When Antonovs hover in the skies above the Nuba Mountains, people hear them from miles away. The shallow buzz of the warplanes emerges slowly from the distance and eventually envelopes the sky.
Those on the ground sense it almost immediately. They dive into their shelters, built and fortified over the past two years of war in South Kordofan.
But the Nuban people weren’t always so attuned to the danger above. In the early days of Sudan’s bombing campaign, dozens could be killed in a single attack.
The people in the Nuba Mountains are mostly farmers. They weren’t trained to protect themselves from the bombs. No reliable records of the early death toll exist, but stories from the beginning of the war tell of devastation and destruction on a higher scale.
Today, Nuba’s residents know the sound of an approaching Antonov. They’ve dug foxholes by their kitchens, in their schools, next to their football fields and their markets. People have grown accustomed to the constant threat, but the bombings still take their toll. More than 1194 bombs have been dropped on South Kordofan in the last 18 months, and at least 52 people have been killed. Perhaps even greater are the number of people who have starved to death, or been driven from their homes by the violence. But without records, their struggles may remain hidden forever.
Mubarak was working in his fields when a bomb hit his house, killing his wife and children. “My head has become empty,” he said once he realized what he had lost. “It is hard to understand anything; how to continue.”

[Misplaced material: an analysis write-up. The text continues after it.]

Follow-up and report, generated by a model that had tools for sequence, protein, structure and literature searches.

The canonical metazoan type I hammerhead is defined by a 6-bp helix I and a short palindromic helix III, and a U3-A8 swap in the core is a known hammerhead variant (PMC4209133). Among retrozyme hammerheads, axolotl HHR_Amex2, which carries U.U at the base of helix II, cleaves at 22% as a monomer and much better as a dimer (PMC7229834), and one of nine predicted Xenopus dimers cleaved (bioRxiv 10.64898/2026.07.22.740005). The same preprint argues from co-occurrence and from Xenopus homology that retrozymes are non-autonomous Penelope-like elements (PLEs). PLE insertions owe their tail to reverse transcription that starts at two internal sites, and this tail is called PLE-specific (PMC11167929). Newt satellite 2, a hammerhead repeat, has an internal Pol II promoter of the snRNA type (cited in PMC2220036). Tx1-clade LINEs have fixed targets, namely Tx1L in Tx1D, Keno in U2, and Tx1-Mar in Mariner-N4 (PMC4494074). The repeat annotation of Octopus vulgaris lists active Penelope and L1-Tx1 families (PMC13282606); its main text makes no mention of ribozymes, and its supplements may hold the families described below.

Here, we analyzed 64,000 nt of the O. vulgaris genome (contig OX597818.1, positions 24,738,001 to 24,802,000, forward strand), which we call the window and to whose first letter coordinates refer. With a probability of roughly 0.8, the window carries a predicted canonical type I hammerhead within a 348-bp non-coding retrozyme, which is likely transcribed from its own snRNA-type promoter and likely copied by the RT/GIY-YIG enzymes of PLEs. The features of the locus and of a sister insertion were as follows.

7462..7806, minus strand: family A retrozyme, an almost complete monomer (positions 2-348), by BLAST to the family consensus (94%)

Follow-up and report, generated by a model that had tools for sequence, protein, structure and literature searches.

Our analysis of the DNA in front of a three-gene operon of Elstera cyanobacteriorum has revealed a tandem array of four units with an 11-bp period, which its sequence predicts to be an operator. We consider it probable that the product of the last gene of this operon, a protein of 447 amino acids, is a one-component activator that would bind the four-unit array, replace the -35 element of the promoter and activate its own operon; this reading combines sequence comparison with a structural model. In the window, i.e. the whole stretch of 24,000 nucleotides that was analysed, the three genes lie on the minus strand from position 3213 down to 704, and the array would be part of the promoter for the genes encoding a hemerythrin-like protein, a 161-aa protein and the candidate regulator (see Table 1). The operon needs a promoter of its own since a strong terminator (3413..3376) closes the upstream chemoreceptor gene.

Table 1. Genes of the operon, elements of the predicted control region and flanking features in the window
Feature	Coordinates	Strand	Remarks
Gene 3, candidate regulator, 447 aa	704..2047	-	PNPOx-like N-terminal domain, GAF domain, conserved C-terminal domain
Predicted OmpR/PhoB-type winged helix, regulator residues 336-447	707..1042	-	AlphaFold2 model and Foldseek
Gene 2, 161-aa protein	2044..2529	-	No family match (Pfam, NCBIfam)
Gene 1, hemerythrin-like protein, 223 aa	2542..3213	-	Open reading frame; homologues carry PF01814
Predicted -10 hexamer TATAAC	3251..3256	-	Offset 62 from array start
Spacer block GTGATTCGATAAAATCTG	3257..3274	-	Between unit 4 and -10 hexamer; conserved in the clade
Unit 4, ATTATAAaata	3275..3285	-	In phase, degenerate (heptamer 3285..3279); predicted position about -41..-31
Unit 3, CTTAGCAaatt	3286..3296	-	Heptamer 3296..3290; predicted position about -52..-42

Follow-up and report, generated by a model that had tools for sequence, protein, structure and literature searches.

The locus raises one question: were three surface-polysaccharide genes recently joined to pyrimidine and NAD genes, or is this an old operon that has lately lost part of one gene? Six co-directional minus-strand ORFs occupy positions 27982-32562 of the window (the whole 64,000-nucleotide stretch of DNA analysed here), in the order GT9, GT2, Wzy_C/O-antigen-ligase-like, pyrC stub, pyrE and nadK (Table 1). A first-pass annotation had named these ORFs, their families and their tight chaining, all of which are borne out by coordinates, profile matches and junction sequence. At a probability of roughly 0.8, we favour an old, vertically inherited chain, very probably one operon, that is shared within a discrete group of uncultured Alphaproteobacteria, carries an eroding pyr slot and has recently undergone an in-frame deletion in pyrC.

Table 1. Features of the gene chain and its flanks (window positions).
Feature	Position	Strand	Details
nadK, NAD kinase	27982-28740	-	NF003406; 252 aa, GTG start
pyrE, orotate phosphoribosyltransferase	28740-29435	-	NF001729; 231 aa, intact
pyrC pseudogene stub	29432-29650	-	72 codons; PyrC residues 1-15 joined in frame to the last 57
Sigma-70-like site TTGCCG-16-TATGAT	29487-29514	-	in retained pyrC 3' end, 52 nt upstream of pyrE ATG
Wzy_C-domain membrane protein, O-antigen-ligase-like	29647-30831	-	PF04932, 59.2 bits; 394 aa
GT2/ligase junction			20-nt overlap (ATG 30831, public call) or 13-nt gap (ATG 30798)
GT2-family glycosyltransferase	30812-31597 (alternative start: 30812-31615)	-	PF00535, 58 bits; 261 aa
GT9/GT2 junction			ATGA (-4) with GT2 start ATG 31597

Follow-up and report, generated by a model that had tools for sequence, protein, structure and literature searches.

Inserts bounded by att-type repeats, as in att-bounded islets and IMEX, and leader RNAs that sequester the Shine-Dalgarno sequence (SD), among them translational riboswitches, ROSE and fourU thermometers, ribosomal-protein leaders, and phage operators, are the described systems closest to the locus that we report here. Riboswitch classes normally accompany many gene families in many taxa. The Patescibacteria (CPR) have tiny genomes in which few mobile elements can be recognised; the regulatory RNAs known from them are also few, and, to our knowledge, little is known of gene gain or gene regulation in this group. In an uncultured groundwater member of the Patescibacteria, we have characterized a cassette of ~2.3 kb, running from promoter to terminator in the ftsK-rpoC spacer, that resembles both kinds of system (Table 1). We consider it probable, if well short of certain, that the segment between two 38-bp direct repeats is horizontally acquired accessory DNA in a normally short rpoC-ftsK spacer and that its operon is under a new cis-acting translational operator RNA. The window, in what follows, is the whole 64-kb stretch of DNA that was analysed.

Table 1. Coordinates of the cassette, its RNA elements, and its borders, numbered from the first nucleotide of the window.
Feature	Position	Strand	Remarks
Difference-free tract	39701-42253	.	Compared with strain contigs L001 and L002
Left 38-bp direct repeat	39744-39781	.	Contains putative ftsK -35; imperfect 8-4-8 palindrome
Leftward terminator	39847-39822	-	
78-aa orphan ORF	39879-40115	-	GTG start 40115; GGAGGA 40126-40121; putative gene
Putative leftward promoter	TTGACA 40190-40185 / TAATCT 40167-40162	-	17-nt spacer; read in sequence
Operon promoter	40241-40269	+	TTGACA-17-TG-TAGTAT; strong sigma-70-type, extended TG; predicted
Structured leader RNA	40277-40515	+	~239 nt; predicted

Many others have similar stories; their lives changed in a flash as the slow drone of another Antonov fades into the distance.
Sudan’s primary weapons in the campaign are its Antonovs, MiG jets, Su-25 and newly purchased Su-24 jets. These warplanes are without match in Sudan and designed to inflict real damage. With its jets, Sudan can choose its targets. While used in the military campaign against the SPLA-N they are just as often deployed on civilian targets.
Antonovs are not as precise as Sudan’s jet-fighters. The old, Russian cargo planes can’t carry traditional bombs. Instead, makeshift explosives are simply rolled out the cargo door. There isn’t any way of knowing who or what an Antonov will hit, making it often more terrifying for the citizens of the Nuba Mountains.
Those gravely injured by the bombs are taken to the Mother of Mercy Hospital – the only hospital in the rebel controlled areas of South Kordofan. There, most are seen by Dr. Tom Catena, a surgeon who has worked at the hospital throughout the course of the war. He says Antonovs often hit the hardest.
“[The victims] often have the loss of a limb, loss of a large piece of tissue, we’ve had some very terrible fractures, we’ve had some penetrating wounds of the abdomen and chest which cause a lot of damage and a few head injuries.”
And while the Mother of Mercy hospital takes all patients, Dr. Catena says the majority of the people hit by bombs are civilian. “Soldiers are more shrapnel from mortars or from, whatever, gunshots. But most of the Antonov wounds are civilians. For me it’s confusing. There’s no military objective to their bombing. [Sudanese Authorities] bomb in a civilian area there aren’t soldiers anywhere near it.”
In all of the bombing incidents Nuba Reports has recorded since April, 2012, less than 100 of the 1194 bombs fell near a military target. And the Sudanese Armed Forces attacks are not limited to aerial bombardment. Ground forces around Kadugli have also fired artillery into civilian areas such as Tuna, Katcha, Buram, Angolo and Kauda.
The shells – like the bombs dropped from antonovs – explode outwards, flinging molten, jagged metal into anything – or anyone – standing nearby. The bombs aren’t designed to level buildings, they are designed to maim and disfigure.